The analytics occasionally showed that some time-honored ways of doing things were not the best, just as the scouts in Moneyball had to accept the shortcomings of their intuition. For example, the number of calls to the city’s “311” complaint hotline was considered to indicate which buildings were most in need of attention. More calls equaled more serious problems. But this turned out to be a misleading measure. A rat spotted on the posh Upper East Side might generate 30 calls within an hour, but it might take a battalion of rodents before residents in the Bronx felt moved to dial 311. Likewise, the majority of complaints about an illegal conversion might be about noise, not about hazardous conditions.
In June 2011 Flowers and his kids flipped the switch on their system. Every complaint that fell into the category of an illegal conversion was processed on a weekly basis. They gathered the ones that ranked in the top 5 percent for fire risk and passed them on to the inspectors for immediate follow-up. When the results came back, everyone was stunned.
Prior to the big-data analysis, inspectors followed up the complaints they deemed most dire, but only in 13 percent of cases did they find conditions severe enough to warrant a vacate order. Now they were issuing vacate orders on more than 70 percent of the buildings they inspected. By indicating which buildings most needed their attention, big data improved their efficiency fivefold. And their work became more satisfying: They were concentrating on the biggest problems. The inspectors’ newfound effectiveness had spillover benefits, too. Fires in illegal conversions are 15 times more likely than other fires to result in injury or death for firefighters, so the fire department loved it. Flowers and his kids looked like wizards with a crystal ball that let them see into the future and predict which places were most risky. They took massive quantities of data that had been lying around for years, largely unused after it was collected, and harnessed it in a novel way to extract real value. Using a big corpus of information allowed them to spot connections that weren’t detectable in smaller amounts—the essence of big data.
The experience of New York City’s analytical alchemists highlights many of the themes of our book. They used a gargantuan quantity of data, not just some; their list of buildings in the city represented nothing less than N=all. The data was messy, such as location information or ambulance records, but that didn’t deter them. In fact, the benefits of using more data outweighed the drawbacks of less pristine information. They were able to achieve their accomplishments because so many features of the city had been datafied (however inconsistently), allowing them to process the information.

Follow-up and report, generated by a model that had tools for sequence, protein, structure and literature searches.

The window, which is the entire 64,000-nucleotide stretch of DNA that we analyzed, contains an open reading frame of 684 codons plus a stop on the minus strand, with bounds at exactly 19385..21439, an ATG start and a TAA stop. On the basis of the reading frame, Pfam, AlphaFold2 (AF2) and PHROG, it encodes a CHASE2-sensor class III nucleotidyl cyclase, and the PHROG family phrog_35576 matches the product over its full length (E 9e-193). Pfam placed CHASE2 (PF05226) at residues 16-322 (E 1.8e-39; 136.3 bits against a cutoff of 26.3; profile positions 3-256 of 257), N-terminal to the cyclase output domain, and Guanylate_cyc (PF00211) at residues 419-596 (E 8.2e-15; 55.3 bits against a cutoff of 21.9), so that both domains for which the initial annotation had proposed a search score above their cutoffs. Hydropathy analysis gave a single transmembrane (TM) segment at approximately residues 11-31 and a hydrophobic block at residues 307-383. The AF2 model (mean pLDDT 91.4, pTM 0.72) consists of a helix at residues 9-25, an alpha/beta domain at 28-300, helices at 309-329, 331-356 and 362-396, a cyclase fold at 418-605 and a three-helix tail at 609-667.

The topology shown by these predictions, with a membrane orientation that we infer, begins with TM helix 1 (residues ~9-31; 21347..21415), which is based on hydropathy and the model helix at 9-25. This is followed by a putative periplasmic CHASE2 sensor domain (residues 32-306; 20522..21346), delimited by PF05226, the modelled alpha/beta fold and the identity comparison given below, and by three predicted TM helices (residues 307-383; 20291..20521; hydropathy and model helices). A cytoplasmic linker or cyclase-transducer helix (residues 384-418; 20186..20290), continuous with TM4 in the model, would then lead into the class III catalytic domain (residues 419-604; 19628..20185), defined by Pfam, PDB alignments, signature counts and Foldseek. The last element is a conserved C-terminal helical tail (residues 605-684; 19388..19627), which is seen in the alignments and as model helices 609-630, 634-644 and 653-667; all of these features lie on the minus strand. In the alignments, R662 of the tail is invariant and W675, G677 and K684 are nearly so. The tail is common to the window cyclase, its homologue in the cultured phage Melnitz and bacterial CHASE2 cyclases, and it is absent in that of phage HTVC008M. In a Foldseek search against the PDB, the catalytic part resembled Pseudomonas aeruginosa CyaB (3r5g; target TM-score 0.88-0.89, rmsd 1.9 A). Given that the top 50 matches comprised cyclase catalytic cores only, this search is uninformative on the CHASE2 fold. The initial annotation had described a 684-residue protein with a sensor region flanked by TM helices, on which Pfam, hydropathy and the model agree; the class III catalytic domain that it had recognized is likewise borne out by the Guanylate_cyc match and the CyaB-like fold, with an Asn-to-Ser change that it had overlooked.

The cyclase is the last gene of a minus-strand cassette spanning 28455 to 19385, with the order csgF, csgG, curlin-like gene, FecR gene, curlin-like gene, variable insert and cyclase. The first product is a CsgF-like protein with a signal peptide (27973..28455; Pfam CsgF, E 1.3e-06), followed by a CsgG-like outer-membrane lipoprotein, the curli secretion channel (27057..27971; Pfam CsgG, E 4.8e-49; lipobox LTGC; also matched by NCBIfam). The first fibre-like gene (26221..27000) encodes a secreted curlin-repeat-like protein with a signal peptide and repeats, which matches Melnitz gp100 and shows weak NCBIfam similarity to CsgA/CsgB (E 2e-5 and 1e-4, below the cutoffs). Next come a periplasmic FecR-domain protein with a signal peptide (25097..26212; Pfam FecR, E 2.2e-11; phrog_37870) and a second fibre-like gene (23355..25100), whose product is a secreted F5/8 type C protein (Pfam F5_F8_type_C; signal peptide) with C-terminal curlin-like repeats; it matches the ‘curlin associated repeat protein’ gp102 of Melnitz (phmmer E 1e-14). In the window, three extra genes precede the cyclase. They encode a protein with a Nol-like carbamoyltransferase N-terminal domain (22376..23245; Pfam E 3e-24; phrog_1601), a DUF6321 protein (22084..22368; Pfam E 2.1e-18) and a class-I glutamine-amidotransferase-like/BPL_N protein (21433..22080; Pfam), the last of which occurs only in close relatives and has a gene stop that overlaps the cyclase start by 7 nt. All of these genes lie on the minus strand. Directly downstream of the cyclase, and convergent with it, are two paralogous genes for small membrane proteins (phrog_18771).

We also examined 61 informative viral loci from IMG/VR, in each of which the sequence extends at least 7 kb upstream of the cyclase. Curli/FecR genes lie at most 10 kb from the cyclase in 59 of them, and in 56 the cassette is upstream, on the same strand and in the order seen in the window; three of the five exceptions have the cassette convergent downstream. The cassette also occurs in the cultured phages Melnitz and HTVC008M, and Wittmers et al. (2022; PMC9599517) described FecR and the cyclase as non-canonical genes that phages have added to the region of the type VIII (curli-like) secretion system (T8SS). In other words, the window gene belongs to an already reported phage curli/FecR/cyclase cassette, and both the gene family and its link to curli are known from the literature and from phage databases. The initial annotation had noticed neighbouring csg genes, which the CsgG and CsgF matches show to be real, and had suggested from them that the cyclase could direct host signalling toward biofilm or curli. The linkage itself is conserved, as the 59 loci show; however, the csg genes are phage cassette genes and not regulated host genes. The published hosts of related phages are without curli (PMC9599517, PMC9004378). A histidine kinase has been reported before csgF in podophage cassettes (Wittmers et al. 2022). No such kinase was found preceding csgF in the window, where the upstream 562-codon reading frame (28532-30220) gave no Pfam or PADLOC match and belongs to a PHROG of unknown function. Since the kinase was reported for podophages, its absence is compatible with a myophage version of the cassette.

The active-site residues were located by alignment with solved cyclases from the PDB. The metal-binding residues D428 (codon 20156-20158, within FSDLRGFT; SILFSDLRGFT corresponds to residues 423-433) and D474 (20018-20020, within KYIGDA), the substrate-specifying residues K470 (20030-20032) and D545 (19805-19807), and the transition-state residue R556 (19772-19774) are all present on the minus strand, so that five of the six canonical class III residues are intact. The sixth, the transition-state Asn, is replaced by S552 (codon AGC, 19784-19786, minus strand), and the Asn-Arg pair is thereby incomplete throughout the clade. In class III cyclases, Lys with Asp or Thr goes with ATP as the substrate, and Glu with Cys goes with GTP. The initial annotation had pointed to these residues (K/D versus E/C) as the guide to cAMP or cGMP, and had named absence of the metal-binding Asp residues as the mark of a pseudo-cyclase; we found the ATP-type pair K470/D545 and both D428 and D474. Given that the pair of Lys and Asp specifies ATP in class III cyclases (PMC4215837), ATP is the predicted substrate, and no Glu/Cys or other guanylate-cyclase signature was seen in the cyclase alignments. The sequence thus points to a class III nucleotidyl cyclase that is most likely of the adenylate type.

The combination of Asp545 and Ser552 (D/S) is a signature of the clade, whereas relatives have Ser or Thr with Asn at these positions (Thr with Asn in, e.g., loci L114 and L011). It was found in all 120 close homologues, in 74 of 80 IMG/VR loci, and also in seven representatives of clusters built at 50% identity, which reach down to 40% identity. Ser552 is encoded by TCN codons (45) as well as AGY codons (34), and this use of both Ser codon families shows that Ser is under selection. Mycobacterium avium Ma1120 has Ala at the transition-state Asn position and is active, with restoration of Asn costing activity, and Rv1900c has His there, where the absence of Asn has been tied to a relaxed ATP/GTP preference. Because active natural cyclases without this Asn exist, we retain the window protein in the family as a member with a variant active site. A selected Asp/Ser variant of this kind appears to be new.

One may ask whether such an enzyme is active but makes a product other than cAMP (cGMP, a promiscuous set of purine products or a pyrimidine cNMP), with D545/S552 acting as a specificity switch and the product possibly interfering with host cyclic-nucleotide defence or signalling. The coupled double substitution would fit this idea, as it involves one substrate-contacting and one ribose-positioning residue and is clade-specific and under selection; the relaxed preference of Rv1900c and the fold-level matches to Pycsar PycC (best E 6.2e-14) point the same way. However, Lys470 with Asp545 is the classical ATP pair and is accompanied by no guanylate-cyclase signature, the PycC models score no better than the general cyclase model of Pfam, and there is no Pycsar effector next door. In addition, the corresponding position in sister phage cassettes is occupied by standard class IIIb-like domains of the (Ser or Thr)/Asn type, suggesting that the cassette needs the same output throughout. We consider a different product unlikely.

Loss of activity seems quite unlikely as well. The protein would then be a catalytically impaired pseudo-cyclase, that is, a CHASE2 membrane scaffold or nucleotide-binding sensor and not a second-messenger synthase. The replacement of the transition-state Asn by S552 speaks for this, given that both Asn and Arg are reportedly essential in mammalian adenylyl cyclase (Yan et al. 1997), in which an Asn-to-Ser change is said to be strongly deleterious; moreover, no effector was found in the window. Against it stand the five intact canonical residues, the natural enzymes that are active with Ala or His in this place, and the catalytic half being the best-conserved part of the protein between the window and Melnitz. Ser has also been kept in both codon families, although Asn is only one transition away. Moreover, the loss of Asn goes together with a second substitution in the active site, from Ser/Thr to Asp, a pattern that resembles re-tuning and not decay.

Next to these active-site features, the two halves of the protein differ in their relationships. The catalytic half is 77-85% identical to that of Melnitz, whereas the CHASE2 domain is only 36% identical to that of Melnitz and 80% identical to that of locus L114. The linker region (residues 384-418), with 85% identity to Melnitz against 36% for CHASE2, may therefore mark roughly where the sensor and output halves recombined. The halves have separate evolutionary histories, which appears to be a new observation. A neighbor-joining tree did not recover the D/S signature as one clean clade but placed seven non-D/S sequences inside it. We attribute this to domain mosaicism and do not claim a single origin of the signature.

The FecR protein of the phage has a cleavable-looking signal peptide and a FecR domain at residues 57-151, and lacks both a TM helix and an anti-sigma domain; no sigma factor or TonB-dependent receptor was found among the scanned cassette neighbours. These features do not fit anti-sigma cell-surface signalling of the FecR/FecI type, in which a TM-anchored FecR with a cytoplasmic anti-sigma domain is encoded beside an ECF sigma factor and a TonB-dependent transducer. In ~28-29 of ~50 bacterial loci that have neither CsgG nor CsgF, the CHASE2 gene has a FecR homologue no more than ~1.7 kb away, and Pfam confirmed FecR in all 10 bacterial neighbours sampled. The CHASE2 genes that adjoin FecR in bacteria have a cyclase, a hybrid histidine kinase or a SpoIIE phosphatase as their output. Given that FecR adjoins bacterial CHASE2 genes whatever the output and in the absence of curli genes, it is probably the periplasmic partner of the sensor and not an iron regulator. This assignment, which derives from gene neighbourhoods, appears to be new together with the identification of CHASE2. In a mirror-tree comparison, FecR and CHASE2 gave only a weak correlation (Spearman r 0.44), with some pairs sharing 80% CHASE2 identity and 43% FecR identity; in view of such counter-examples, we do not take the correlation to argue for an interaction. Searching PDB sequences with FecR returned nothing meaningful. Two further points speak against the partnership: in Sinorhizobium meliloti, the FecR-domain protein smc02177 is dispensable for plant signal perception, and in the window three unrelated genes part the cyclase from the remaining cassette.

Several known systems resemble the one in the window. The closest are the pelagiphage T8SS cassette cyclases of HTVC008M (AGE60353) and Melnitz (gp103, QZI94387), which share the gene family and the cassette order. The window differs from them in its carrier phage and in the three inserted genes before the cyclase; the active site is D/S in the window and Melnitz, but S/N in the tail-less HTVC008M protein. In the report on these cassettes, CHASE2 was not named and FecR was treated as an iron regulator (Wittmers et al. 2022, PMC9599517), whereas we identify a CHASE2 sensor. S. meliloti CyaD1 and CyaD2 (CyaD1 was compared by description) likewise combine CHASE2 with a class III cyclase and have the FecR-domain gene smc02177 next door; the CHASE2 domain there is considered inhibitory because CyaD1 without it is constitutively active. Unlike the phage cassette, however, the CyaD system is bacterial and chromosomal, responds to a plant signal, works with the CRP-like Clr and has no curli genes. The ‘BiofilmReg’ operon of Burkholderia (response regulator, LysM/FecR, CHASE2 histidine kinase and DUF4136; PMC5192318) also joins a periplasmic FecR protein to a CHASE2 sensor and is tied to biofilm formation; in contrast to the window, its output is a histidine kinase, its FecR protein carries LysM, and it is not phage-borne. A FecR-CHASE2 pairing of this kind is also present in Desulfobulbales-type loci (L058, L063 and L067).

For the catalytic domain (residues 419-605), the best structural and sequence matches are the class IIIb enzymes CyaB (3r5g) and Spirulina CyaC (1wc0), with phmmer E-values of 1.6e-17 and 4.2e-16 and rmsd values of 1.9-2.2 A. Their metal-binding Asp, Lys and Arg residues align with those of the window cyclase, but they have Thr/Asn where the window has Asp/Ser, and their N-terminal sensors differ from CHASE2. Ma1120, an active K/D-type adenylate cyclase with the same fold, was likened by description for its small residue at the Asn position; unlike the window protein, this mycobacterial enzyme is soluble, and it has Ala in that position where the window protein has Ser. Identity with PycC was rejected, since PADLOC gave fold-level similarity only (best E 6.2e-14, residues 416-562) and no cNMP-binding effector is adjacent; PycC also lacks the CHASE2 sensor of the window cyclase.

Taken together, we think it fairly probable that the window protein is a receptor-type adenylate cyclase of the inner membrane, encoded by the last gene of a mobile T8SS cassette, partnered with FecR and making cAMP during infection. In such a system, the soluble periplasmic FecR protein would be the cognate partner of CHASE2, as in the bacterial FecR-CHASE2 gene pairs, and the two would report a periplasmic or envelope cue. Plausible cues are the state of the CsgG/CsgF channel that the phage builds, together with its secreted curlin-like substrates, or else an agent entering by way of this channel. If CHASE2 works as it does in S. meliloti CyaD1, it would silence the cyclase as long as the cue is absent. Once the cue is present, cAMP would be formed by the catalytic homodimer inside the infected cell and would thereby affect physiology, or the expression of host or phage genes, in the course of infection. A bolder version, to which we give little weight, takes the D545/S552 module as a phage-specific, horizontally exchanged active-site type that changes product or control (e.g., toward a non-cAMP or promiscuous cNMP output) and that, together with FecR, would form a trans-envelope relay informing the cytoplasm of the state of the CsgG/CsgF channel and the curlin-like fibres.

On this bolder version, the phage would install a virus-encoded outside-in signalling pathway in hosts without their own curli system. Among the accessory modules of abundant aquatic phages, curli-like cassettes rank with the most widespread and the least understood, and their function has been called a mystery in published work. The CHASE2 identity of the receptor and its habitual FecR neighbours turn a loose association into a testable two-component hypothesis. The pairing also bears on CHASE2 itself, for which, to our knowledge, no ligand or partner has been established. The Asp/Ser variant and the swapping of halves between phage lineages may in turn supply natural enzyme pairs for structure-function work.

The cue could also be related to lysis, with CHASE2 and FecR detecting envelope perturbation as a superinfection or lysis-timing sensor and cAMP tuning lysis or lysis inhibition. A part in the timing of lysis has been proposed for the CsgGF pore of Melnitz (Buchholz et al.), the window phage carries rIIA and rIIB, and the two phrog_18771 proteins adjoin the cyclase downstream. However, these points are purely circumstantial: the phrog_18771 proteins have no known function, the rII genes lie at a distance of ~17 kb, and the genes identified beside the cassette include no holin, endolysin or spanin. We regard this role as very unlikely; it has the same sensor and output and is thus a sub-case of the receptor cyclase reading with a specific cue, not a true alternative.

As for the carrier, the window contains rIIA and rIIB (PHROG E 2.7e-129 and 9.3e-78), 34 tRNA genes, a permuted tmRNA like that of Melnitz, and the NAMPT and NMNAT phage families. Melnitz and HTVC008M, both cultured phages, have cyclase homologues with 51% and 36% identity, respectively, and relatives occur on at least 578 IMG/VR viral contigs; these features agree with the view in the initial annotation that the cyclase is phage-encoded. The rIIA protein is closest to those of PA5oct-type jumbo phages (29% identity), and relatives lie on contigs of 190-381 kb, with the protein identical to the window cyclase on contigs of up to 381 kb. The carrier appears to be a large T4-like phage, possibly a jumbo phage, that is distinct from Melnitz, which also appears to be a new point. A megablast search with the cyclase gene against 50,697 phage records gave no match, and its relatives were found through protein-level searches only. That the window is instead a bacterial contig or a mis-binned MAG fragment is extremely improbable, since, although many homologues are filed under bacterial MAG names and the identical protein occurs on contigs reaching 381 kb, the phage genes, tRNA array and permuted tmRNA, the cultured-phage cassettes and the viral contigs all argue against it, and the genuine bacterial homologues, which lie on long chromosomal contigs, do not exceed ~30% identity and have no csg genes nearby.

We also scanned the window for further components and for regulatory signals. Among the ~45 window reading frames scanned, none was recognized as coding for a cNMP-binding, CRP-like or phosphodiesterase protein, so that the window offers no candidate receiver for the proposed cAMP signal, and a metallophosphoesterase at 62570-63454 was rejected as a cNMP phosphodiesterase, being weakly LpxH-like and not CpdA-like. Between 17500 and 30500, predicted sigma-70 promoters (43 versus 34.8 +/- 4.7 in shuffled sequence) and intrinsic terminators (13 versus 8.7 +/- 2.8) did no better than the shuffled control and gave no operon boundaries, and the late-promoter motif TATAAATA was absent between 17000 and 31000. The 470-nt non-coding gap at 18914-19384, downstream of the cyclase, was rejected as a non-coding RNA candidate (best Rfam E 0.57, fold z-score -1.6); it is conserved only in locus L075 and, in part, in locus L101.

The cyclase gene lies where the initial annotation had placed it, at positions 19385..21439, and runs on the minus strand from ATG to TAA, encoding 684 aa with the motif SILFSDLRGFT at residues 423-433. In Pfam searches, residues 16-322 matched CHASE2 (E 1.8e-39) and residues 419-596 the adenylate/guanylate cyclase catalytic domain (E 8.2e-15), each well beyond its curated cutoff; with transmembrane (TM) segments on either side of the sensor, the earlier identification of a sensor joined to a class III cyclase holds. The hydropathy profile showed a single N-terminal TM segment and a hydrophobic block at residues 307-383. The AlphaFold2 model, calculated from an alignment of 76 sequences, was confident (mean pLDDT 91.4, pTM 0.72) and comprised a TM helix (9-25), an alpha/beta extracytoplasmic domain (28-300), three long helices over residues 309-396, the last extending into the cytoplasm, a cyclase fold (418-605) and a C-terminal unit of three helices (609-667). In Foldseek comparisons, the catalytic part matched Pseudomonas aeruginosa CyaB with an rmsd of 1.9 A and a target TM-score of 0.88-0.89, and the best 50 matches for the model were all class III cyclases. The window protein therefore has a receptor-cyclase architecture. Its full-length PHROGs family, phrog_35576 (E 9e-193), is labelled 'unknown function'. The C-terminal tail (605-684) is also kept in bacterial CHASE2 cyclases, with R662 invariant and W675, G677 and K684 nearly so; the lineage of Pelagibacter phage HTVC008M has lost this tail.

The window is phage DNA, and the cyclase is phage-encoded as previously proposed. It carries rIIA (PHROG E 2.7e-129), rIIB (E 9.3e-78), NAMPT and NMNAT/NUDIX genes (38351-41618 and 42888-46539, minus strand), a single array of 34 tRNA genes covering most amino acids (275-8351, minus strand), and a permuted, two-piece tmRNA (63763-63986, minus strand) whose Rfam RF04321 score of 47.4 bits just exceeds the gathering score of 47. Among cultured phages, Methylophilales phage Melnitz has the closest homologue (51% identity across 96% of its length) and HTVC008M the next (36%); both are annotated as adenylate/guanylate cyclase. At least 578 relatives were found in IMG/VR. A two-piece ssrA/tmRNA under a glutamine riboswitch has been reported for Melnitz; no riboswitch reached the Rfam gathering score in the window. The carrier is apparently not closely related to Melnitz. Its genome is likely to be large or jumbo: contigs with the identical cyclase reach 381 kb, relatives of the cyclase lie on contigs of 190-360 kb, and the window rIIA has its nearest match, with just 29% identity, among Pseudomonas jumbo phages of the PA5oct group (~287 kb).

The inklings of experts had to take a backseat to the data-driven approach. At the same time, Flowers and his kids continually tested their system with veteran inspectors, drawing on their experience to make the system perform better. Yet the most important reason for the program’s success was that it dispensed with a reliance on causation in favor of correlation.
“I am not interested in causation except as it speaks to action,” explains Flowers. “Causation is for other people, and frankly it is very dicey when you start talking about causation. I don’t think there is any cause whatsoever between the day that someone files a foreclosure proceeding against a property and whether or not that place has a historic risk for a structural fire. I think it would be obtuse to think so. And nobody would actually come out and say that. They’d think, no, it’s the underlying factors. But I don’t want to even get into that. I need a specific data point that I have access to, and tell me its significance. If it’s significant, then we’ll act on it. If not, then we won’t. You know, we have real problems to solve. I can’t dick around, frankly, thinking about other things like causation right now.”
Excerpted from Big Data: A Revolution That Will Transform How We Live, Work, and Think by Viktor Mayer-Schönberger, Kenneth Cukier. Copyright © 2013 by Viktor Mayer-Schönberger and Kenneth Cukier. Reprinted by permission of Houghton Mifflin Harcourt Publishing Company. All rights reserved.